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Democrats may not be able to capitalize on anti-Trump movement

Protesters assemble at John F. Kennedy International Airport in New York, Saturday, Jan. 28, 2017, after earlier in the day two Iraqi refugees were detained while trying to enter the country. (AP Photo/Craig Ruttle)

Thousands of demonstrators who turned out at airports across the country this weekend in opposition to President Donald Trump’s ban on immigration from several Muslim-majority countries may represent the start of an organized anti-Trump resistance movement, but the president stands to gain from the conflict in some ways too.

Top Democratic politicians joined protesters in some cities, speaking passionately against executive orders signed by Trump Friday that temporarily halted acceptance of Syrian refugees and blocked immigration and travel visa approval for people from Iran, Iraq, Syria, Libya, Somalia, Sudan and Yemen.

“We must stand as witness, we must stand as resistors, we must stand in opposition to what others are trying to do to violate the law, the constitution and our values,” Sen. Cory Booker, D-N.J., told a crowd gathered at Dulles International Airport Sunday.

Sen. Elizabeth Warren, D-Mass., led protesters in chants at Logan Airport in Boston, and several members of Congress posted pictures on Twitter of themselves trying to get information from customs officials at their local airports.

The hasty and hectic implementation of the orders left travelers and immigration officers unsure how to proceed. Green card holders and legal residents were detained and denied entry for hours, even after a federal judge ruled against the Trump administration on Saturday night.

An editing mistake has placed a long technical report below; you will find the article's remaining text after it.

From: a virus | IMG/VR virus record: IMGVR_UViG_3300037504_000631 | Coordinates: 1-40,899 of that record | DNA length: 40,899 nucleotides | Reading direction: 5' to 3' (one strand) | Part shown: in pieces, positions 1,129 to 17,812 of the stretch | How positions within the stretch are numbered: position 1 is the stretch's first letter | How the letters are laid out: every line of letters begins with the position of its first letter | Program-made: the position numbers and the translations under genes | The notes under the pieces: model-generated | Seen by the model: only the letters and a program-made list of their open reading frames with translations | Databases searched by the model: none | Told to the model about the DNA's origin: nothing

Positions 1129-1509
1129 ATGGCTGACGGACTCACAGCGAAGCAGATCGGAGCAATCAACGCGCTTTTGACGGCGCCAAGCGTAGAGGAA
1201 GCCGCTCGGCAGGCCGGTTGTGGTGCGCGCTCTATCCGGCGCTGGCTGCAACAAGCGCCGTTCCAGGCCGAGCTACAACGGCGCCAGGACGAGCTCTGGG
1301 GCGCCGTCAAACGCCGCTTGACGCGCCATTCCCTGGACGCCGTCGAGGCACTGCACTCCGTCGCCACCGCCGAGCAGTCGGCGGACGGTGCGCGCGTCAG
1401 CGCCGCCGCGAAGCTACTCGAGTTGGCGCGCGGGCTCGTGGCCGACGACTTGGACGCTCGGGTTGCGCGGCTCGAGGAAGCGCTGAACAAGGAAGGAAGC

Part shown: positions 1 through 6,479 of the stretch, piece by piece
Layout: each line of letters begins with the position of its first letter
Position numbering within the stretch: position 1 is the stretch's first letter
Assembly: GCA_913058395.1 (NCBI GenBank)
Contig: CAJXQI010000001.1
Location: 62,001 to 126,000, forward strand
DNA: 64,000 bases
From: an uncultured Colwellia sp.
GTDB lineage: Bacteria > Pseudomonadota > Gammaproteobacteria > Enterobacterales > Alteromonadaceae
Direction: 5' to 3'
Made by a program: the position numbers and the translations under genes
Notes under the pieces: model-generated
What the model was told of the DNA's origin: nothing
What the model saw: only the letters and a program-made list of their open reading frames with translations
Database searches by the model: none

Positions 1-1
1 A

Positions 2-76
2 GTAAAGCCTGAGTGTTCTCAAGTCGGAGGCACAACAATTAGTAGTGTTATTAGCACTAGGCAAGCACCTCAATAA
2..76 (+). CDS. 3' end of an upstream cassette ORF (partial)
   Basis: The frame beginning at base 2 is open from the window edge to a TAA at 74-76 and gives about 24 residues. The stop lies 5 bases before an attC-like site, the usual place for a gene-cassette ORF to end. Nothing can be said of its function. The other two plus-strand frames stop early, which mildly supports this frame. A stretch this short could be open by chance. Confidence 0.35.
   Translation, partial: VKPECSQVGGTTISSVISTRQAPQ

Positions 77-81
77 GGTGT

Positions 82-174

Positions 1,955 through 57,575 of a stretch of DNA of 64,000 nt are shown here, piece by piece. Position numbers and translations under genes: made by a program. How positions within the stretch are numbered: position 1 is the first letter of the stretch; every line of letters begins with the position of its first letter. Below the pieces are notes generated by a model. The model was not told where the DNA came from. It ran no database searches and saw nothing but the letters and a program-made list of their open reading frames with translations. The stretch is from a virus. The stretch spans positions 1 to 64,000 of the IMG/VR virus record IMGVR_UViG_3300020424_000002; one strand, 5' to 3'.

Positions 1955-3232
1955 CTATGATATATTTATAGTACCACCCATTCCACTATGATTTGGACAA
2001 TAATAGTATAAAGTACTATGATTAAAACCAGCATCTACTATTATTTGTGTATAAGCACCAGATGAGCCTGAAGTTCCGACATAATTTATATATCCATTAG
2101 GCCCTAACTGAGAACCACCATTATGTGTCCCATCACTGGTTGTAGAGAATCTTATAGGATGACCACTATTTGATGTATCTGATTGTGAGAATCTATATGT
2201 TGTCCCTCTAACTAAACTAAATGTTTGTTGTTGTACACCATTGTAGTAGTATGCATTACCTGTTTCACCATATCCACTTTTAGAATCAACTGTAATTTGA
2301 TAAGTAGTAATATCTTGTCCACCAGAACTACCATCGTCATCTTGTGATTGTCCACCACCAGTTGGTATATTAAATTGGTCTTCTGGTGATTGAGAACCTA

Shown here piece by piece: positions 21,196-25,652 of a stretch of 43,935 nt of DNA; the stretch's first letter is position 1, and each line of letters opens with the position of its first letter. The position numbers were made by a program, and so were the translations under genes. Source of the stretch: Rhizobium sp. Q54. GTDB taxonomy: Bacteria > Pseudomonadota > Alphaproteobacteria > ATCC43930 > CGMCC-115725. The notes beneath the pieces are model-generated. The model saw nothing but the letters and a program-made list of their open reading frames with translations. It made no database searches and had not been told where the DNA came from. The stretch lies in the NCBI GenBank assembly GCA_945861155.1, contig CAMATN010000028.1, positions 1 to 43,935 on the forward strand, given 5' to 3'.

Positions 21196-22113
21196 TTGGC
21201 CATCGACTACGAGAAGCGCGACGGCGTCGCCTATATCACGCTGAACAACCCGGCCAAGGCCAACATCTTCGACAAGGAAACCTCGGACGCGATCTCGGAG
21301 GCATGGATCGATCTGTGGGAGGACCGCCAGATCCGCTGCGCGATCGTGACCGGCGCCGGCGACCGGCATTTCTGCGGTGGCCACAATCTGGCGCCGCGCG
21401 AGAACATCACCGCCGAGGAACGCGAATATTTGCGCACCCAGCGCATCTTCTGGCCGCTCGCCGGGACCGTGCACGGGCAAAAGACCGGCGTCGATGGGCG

Trump brushed off the protests Monday and showed no indication that he is reconsidering the policy.

“Only 109 people out of 325,000 were detained and held for questioning. Big problems at airports were caused by Delta computer outage, protesters and the tears of Senator Schumer. Secretary Kelly said that all is going well with very few problems. MAKE AMERICA SAFE AGAIN!” he tweeted.

Despite the uproar, Trump and his aides insist the order was very successful and few people were affected. Trump advisors have claimed that it was necessary to implement the order quickly to protect the American people, but critics have questioned how the ban actually accomplishes that.

This was the second weekend straight in which Americans took to the streets in large numbers to take a stand against the newly inaugurated president. Last Saturday, hundreds of thousands in D.C. and other cities marched to support women’s rights.

According to Michael Heaney, author of “Party in the Street: The Antiwar Movement and the Democratic Party after 9/11” and a professor at the University of Michigan, there are several ways to measure the success of these demonstrations.

One is media coverage, which the events have clearly attracted, and another is the reaction they inspire from politicians. In addition to drawing in people like Senate Majority Leader Chuck Schumer, Booker and Warren, Heaney pointed to New York Gov. Andrew Cuomo overruling a Port Authority decision to shut down the AirTrain bringing protesters to JFK Airport.

“That’s a pretty high-profile ally,” he said.